At the risk of stating the obvious: It is not so easy to find great stock investing ideas. There are just so many companies, and no individual can research them all.
That's one reason some people like to follow the portfolio moves of well-known investors such as Warren Buffett and Bill Ackman: They provide us with solid ideas to dig into, but on a list that is already culled down to manageable size.
In this case, we have a list of two: One is Monsanto Co. (NYSE:MON), which the Oracle of Omaha boosted his stake in; the other -- a brand-new position for Ackman's Pershing Square -- is NIKE Inc. (NYSE:NKE). Here's why you might want to be researching these companies.
What's for dinner?
Agriculture has always been a tough business, and it's likely to get even more difficult. Unpredictable weather can take a toll on crop production, and climate change is exacerbating that risk. In addition, the total acreage of land suitable for agriculture is on the decline, water demand is increasing –- and did I mention farming is a tough business?
Simply put, farmers now more than ever need a company like Monsanto, the leading producer of genetically modified seeds and crop protection products, to help them reduce their need for pesticides, and improve their crop yields.
Buffett loves to invest in stable companies with wide economic moats, and that's exactly what Monsanto offers. Its potent portfolio of seed trait patents has cemented its leadership position in the agricultural biotech industry. It benefits from a virtuous cycle, because those patents help drive premium pricing, and with such dominant market share, it can afford to invest roughly 10% of sales into research and development to stay ahead of the competition. That combination is likely part of why Berkshire Hathaway increased its position in Monsanto by 32% in the quarter that ended Dec. 31.
Management expects its core pipeline of upcoming products to deliver up to $25 billion in peak net sales -- peak net sales reflects estimated global sales opportunity near peak penetration -- which would be a healthy top-line boost. For context, Monsanto generated $14.64 billion revenue in 2017. Investors who buy now will also book a small profit rapidly if Bayer's acquisition proposal goes through in 2018: It's hoping to buy Monsanto for $128 per share, a 4% premium compared to today's prices.
Given Mosanto's healthy pipeline of products, its deep list of patented seed traits, and shares trading at a slight discount to a bid that's on the table, it's easy to see why Buffett increased his stake. If that stock isn't your style, but you want to capitalize on the growing need for products that help farmers improve their yields, check out this list of other top agriculture stocks.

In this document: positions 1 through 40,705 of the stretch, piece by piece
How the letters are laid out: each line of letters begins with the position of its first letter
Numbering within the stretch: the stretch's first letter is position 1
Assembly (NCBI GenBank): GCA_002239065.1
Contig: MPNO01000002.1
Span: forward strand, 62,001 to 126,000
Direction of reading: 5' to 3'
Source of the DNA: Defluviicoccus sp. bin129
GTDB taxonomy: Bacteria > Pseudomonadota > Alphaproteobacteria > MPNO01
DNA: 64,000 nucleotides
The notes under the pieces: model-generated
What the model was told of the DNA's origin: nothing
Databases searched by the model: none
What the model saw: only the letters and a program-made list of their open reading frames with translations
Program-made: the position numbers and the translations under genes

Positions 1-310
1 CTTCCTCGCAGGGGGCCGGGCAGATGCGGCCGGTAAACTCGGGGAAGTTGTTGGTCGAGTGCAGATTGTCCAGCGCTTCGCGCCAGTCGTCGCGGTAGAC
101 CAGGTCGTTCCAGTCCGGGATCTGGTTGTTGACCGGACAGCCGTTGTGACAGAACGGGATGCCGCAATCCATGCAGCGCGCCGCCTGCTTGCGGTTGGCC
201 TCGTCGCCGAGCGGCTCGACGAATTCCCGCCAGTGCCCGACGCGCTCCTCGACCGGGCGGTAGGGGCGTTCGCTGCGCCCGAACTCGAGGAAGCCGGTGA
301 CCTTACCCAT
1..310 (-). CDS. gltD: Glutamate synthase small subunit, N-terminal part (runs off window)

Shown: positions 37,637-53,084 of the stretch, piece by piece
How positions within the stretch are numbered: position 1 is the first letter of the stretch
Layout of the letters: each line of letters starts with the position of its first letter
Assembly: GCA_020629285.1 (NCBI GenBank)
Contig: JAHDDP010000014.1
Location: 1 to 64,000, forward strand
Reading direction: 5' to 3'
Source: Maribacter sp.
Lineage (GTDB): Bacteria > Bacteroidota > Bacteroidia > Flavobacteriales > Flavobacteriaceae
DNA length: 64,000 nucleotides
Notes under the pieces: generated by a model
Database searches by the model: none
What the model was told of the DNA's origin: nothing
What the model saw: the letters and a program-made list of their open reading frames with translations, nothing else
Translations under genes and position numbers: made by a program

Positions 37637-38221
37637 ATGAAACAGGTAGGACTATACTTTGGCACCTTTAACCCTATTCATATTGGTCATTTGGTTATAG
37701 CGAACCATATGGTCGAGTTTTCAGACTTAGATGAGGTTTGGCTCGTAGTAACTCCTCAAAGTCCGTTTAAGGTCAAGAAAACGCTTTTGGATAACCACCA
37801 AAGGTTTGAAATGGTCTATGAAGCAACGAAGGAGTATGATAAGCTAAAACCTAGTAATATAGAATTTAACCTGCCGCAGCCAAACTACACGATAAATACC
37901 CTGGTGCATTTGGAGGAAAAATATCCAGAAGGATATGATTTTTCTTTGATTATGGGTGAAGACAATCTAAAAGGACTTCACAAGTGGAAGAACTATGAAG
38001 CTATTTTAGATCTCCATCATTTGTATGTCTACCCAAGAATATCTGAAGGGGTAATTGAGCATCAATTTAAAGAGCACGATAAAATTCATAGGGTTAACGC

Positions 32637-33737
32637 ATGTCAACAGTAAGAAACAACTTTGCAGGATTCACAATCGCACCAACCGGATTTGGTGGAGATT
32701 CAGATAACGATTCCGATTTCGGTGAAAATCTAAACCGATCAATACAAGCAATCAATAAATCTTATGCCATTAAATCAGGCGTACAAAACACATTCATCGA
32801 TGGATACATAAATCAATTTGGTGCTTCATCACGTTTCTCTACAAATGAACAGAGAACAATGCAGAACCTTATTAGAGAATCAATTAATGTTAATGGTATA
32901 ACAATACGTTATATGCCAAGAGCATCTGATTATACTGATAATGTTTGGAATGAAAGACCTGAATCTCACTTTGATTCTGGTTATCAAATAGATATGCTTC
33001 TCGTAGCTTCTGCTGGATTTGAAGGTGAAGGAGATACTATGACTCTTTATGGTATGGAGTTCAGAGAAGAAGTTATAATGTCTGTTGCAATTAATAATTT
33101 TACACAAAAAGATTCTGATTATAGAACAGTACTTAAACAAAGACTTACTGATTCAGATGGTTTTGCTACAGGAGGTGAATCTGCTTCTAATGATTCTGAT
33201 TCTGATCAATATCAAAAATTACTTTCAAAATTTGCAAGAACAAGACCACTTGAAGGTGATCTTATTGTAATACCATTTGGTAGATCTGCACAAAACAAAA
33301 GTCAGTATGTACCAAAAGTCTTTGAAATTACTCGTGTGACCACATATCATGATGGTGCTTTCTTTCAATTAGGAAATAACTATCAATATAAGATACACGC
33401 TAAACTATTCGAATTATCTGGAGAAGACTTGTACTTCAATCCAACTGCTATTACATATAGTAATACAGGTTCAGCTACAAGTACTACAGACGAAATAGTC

Where's the growth story?
When investors click on Nike's investor relations page, they are confronted with a simple message: "Nike, Inc. is a growth company." Although 2017 wasn't necessarily a bad year for the apparel juggernaut, it did struggle in the U.S. market as it worked through issues involving slow-moving inventory, and hit a couple of speed bumps around its margins. That said, Nike has more of a growth story than you would expect from such a large company.
The cornerstone of that growth story lies in China. Consider: The apparel company's U.S. consumer base is roughly 50 million people, but executives believe its consumer base in China should eventually reach 10 times that figure. In the nearer term, it expects its annual growth rate in China will land in the low to mid-teen percentages between 2018 and 2022.
While Nike's growth in the U.S. won't match its gains in China, even modest growth domestically coupled with expanding digital efforts will prove valuable. In fact, Nike expects its e-commerce revenue to jump from 15% of total sales to 30% within five years – and cutting out the middleman through online sales should help reverse its margin woes.
At a time when many have become cautious about investing in Nike -- the stock rose 23% in 2017, in spite of margin woes and U.S. market struggles -- Ackman jumped on board in the fourth quarter, buying 5.8 million shares to start a position that instantly accounted for 6.21% of Pershing Square's portfolio.
Buffett liked what Monsanto had to offer with its pipeline of products, market share, and list of patented seed traits, and he snapped up shares of a company with a durable advantage. Meanwhile, Ackman saw a massive apparel company with a growth story overseas. Just because they bought shares doesn't mean you should, but it does indicate that Monsanto and Nike are certainly worth further research.